“It’s a new revolution in knee replacement surgery,” says consultant orthopaedic surgeon Dr Tai Cheh Chin.
The “revolution” he’s speaking of is the ConforMIS knee replacement system, which offers unique advantages over traditional, off-the-shelf implants in knee replacement surgery.
“Traditionally, with knee replacement implants, we try to shape and cut the knee so that it fits the implant,” says Dr Tai.
“The patient can be male, female, bigger or smaller in size, it makes no difference – we cut the knee in the same pattern because the implant shape and size is always fixed.
“Traditional implants do not take into account the differences in knee anatomy between man, woman, Asian, Causcasian, African… You fit the knee to the implant,” he adds.
“Everybody’s knee is different,” Dr Tai goes on. “All the data’s there. A simple example – an Asian knee vs a Western knee. We cut the knee depending on data from Western populations, and that’s a problem as our sizes are different, our shapes are different; so if size, shape and alignment are different, then how can we have an implant that can fit nicely?
“So you find that in knee replacement surgeries, no matter how good a surgeon you are, for about every five knees that you operate on, one patient – even though the implant looks perfect on x-rays – will not be vey happy with the results.
“The first modern knee implant was carried out in the 1970s in the United States; the shape has not changed that much, though improvements have been made over the last 10-20 years.
“We have computer navigation to put in the implant better; to cut the knee better, we have PSI – patient specific instrumentation – where we make it more patient specific, but in the end, we still have to use that standard implant. We have focused the tech on how to cut the knee better, but the implant basically remained unchanged,” says Dr Tai.
The new system allows for patient-specific fitting of the implant, which means no implant is alike because it has been made to fit only one particular patient.
“With the system, you first CT the knee. This information is then sent to the United States, where 3D modelling of the implant is carried out according to the specifications measured from the knee CT scan.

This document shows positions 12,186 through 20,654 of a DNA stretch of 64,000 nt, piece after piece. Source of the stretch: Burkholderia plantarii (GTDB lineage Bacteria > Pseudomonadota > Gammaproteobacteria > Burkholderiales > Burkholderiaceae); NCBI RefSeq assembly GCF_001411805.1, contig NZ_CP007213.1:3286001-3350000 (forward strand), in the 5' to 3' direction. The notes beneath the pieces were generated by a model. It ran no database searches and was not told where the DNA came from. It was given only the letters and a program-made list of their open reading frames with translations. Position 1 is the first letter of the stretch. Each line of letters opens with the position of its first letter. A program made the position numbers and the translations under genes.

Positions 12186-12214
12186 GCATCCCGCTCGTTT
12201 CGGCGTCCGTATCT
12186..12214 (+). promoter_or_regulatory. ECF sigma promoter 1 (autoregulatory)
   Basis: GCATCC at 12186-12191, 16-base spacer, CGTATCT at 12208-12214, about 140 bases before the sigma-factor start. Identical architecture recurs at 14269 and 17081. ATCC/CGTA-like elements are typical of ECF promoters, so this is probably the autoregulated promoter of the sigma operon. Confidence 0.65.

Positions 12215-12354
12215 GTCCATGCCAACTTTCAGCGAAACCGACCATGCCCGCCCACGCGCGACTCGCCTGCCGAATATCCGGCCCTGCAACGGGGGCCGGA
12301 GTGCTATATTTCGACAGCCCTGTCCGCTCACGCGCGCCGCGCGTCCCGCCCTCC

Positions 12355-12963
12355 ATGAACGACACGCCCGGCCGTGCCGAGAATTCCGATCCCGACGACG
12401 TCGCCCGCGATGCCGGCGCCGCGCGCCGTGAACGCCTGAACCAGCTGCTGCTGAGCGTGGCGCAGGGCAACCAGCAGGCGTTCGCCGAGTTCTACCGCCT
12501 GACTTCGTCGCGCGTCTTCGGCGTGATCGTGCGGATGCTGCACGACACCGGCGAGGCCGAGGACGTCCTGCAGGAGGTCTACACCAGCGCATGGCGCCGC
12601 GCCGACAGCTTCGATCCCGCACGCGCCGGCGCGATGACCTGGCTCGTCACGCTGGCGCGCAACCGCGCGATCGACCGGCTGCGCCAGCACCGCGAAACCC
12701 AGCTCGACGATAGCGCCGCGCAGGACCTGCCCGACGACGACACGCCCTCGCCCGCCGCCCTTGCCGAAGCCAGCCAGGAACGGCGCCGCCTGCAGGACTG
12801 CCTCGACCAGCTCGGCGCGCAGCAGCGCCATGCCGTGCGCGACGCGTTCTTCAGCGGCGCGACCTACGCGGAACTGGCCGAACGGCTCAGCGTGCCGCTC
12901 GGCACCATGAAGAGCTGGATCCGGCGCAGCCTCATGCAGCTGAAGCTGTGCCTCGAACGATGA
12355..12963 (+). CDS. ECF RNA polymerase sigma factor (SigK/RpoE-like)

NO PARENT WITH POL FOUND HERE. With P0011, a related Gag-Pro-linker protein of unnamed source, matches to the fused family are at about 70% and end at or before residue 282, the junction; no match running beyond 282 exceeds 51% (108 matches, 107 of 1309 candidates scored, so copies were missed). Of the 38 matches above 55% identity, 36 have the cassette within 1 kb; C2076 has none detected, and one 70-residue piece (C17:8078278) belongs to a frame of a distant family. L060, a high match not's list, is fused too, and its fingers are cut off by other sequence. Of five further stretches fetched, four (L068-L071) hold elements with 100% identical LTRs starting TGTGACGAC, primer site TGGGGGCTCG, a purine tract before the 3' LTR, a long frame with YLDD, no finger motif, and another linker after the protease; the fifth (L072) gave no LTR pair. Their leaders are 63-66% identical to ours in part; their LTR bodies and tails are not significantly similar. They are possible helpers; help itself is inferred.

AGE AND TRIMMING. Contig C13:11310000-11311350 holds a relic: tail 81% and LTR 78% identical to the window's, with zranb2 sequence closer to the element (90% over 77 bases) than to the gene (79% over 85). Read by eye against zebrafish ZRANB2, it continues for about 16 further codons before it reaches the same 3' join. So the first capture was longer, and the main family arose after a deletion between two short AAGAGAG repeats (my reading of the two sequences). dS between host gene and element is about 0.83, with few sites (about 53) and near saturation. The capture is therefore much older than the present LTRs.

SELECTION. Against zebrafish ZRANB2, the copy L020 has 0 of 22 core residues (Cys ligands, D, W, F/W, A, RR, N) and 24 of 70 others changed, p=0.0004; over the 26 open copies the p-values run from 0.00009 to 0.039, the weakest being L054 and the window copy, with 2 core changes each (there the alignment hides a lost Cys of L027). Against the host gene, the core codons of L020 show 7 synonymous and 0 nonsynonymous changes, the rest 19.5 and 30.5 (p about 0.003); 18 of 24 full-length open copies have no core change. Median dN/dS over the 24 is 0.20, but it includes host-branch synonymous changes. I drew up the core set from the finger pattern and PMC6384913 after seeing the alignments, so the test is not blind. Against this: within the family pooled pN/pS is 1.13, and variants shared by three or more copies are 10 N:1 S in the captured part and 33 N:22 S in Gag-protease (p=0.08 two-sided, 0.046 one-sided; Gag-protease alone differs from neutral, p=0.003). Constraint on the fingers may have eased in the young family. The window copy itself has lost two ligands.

“During this time, the surgeon will be kept informed of developments to make sure everything required is being carried out.
“Once both parties agree to the specifications, the 3D implant is made. The implant will then be delivered to the surgeon a few days before the date of surgery.
“The whole process, on average, takes between four and six weeks,” says Dr Tai.
An analogy, says Dr Tai, can be made with buying shoes. Rather then getting general sizes, such as 7, 8 or 9, you get the shoe custom-made for you, which naturally makes it a better fit and it will be much more comfortable than off-the-shelf shoes.
This system has been available in the United States for more than 10 years.
“In the US, the first such implant was carried out in 2004, so it has been more than 10 years. We have more than 10 years’ worth of data now, and it reflects the many advantages of this ‘new’ system,” notes Dr Tai.
One advantage of the system is that you can replace whatever portion (of the knee) that you want to.
“Unlike the traditional knee replacement, where you only have the option of partial, half-knee or total replacement, this system allows you to replace any part that is damaged. You get to keep the good parts of the knee,” explains Dr Tai.
This advantage has far-reaching implications. People getting knee replacement surgery are getting younger, so the possibility of a revision of the implant is higher. So when it’s time for a revision, such patients may still have functional parts that don’t have to be replaced.
Another plus for the system is instrumentation, which makes the surgery itself faster and easier.
“This system makes the whole knee replacement operation easier. With traditional implants, there are about eight trays of instruments in the op theatre because we don’t know what size implant to use. We need to cut open the knee and then assess the size of the implant.
“With the new system, it’s just one box,” says Dr Tai.
According to Dr Tai, studies have shown that with the new system, knee alignment accuracy is a lot better. The resulting knee kinematics is almost like normal, hence 90% of patients say their knee feels like normal (because it’s shape is good, it fits well and the kinematics are very good), compared to traditional knee replacement implants where 60-70% say their knees feel quite normal.
“Outcomes are good – shorter hospital stay; less blood loss as operating time is shorter; reduced complication rates. So although this implant is more expensive, in the short term, with shorter hospital stay, less complications, less blood loss, less revisions, you save a bit more,” notes Dr Tai.
Today, on average, US surgeons carry out approximately 4,000 to 6,000 knee replacement surgeries using this system.
“With this, we expect patients to be happier with the results. Finally, we get an implant that fits the patient, rather than requiring the patient to fit the implant; that’s the biggest change,” says Dr Tai.